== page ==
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  • Texans QB Tom Savage's agent sounds off on benching

    After Texans quarterback Tom Savage was benched following a two-quarter stint in the season opener, his agent Neil Schwartz (right) sounded off in an interview Wednesday.

    Texans quarterback Tom Savage's agent took to the media Wednesday to defend his client after the signal caller's abrupt benching in the team's season opener.

    Veteran agent Neil Schwartz expressed dismay over his client being pulled by Texans coach Bill O'Brien after halftime of Sunday's 29-7 loss to Jacksonville at NRG Stadium.

    "I'm still trying to figure this out ... 31 plays and you're getting benched?" Schwartz said in an interview with NBC Sports' Mike Florio. "It makes no sense."

    When asked by Florio who ultimately made the call to start Watson - which the Texans are expected to do - for Thursday's game at Cincinnati, Schwartz said "I don't know - I'd love to find out." He added that he had not tried to talk to Texans general manager Rick Smith after Savage's benching.

    Schwartz said he even consulted other industry personnel about the move. Savage was 7-for-13 for 62 yards with a 66.8 passer rating. He was sacked six times and lost two fumbles, one of which was returned for a touchdown.

    "I watched all 31 plays, because that was the extent of what Tom saw in the first half," Schwartz said. "And I can't figure out why he's benching Tom. I went through every single play and I even went one step further. I asked two different NFL personnel people (or) coaches on two separate teams to evaluate and break down the film to see if I was missing something. He went 7 for 13 ... 12 of the 13 balls touched the receiver's hands. The only ball that didn't was the strip-sack fumble that they called incomplete (upon replay). Seven were completions, five were drops.

    "If you watch the film and you say 'I see something wrong that deserves to be benched,' I wouldn't be on the phone with you now. The second issue which I heard is he held the ball too long. He didn't hold the ball too long. Every play except for the one that was third and 12 (and) he got sacked was (released in) less than three seconds."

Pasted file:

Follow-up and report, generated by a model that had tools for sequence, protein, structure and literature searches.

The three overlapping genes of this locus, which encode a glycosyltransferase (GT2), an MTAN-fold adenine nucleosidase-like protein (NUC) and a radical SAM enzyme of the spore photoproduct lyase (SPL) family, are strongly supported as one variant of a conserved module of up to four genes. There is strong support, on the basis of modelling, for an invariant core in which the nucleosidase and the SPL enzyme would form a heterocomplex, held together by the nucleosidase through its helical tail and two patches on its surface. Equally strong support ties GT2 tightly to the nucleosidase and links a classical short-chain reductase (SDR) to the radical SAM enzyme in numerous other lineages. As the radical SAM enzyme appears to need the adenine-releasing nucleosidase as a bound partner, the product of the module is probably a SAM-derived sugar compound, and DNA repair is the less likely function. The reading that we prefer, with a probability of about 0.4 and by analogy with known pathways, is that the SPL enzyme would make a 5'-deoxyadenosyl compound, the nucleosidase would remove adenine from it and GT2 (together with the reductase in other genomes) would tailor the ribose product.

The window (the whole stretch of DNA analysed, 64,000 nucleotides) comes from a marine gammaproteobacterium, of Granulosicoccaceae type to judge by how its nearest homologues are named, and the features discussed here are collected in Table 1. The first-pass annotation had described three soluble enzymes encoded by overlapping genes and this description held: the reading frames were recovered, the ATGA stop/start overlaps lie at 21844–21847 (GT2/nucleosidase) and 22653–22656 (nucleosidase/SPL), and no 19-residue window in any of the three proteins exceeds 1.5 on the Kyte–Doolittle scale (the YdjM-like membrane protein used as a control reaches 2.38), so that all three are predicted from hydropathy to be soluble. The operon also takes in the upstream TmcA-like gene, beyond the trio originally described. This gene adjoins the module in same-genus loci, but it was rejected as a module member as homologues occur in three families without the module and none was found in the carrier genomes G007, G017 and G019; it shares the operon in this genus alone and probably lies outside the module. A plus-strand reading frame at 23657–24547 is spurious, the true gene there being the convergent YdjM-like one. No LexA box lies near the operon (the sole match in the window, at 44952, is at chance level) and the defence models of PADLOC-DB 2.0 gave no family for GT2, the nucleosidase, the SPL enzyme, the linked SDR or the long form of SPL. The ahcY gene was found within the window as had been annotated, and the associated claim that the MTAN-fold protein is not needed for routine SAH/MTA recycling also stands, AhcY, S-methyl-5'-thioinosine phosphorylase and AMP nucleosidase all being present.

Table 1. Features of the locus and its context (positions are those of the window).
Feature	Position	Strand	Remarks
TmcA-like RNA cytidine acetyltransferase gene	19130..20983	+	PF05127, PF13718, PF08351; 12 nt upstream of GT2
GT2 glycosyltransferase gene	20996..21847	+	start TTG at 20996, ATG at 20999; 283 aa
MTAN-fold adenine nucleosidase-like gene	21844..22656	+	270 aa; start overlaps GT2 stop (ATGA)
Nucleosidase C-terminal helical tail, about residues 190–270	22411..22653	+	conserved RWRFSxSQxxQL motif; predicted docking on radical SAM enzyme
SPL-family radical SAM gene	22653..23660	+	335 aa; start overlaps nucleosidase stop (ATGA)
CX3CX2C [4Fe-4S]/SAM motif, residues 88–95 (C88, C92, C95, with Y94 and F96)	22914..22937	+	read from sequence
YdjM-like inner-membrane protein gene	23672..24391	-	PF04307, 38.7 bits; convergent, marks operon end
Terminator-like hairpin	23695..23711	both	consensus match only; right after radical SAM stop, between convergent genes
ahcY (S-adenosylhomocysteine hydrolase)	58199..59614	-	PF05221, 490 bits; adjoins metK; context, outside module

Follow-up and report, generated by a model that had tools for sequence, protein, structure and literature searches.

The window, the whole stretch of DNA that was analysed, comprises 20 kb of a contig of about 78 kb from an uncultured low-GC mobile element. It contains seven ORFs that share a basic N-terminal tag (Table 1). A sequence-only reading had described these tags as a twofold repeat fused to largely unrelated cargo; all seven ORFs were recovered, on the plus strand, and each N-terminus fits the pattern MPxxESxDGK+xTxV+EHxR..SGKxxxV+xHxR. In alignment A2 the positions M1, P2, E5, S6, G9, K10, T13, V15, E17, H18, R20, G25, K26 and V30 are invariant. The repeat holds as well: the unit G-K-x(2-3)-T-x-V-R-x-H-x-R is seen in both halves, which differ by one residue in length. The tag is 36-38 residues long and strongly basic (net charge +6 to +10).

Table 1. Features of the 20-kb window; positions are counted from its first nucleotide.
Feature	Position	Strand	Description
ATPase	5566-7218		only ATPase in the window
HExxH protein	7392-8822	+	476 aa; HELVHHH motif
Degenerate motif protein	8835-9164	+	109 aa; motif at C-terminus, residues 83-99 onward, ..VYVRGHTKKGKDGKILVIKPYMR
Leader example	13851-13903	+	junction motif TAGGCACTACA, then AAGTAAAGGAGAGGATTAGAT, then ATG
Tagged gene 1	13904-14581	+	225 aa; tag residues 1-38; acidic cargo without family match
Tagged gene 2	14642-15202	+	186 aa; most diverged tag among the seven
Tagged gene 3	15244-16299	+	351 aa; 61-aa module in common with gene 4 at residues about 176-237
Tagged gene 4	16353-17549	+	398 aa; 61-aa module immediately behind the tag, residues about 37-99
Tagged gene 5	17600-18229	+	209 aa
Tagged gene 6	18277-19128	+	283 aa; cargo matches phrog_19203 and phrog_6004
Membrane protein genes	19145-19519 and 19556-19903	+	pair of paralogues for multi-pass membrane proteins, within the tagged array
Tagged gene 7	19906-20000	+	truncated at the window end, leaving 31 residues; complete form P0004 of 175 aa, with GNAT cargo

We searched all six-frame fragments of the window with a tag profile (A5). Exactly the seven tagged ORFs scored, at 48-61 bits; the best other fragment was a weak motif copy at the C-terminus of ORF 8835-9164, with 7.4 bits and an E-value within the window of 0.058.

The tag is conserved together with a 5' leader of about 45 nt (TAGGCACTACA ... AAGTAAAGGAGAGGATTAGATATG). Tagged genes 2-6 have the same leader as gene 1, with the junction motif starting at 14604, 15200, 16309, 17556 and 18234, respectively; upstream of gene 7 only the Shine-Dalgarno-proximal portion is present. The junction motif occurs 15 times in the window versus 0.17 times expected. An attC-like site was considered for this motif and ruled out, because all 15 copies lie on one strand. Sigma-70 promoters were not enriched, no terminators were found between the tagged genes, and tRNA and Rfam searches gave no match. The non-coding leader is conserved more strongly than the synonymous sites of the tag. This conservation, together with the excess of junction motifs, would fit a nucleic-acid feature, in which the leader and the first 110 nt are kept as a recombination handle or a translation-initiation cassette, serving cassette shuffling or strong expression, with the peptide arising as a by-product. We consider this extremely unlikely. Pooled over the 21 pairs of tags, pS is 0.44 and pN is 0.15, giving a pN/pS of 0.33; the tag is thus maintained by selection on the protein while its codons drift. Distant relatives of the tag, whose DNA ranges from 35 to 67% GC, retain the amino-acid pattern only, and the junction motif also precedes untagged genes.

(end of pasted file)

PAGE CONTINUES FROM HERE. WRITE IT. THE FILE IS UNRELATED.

One sticking point for Schwartz was Savage being the starter throughout the offseason and preseason - and getting starter's reps - only to get the hook 30 minutes into the season.

    "Tom earned the right to be the starter," Schwartz said. It 'wasn't given to him. And he's worked hard every day in training camp and the exhibition season to be the starter – on the field and off the field – to maintain a leadership role. After 31 plays, you bench him? I have an issue."

    Schwartz said several times that benching Savage was O'Brien's prerogative, but that he decided to speak out to back Savage, the career backup who started two games last season after free-agent bust Brock Osweiler was benched.

    "I wanted to defend Tom and this was my choice," Schwartz said. "I spoke to Tom and he was OK with it and comfortable. Someone had to defend Tom and I didn't feel the coaching staff defended Tom or defended his performance.

    "I don't normally do this. This is only the second time I've done this in my career and it's only to defend a client where I felt he wasn't getting defended properly by the team or the media.

    "Tom's obviously taken the high road and I would only expect Tom to take the high road. He's going to support Deshaun and he's going to support the team. He wants to beat Cincinnati and be a part of the Houston organization. He loves it down there. It's just frustrating."

    Upon replacing Savage, Watson was 12-of-23 for 102 yards with a touchdown and interception and finished with a 60.4 passer rating. He also lost a fumble.

    Watson will become the ninth different starting quarterback in O'Brien's four seasons as Texans coach. In the 2015 season opener, he benched Brian Hoyer after three quarters for Ryan Mallett. Hoyer returned to the starting role in week 6.

    Florio asked Schwartz if he expected a reprise of that QB carousel.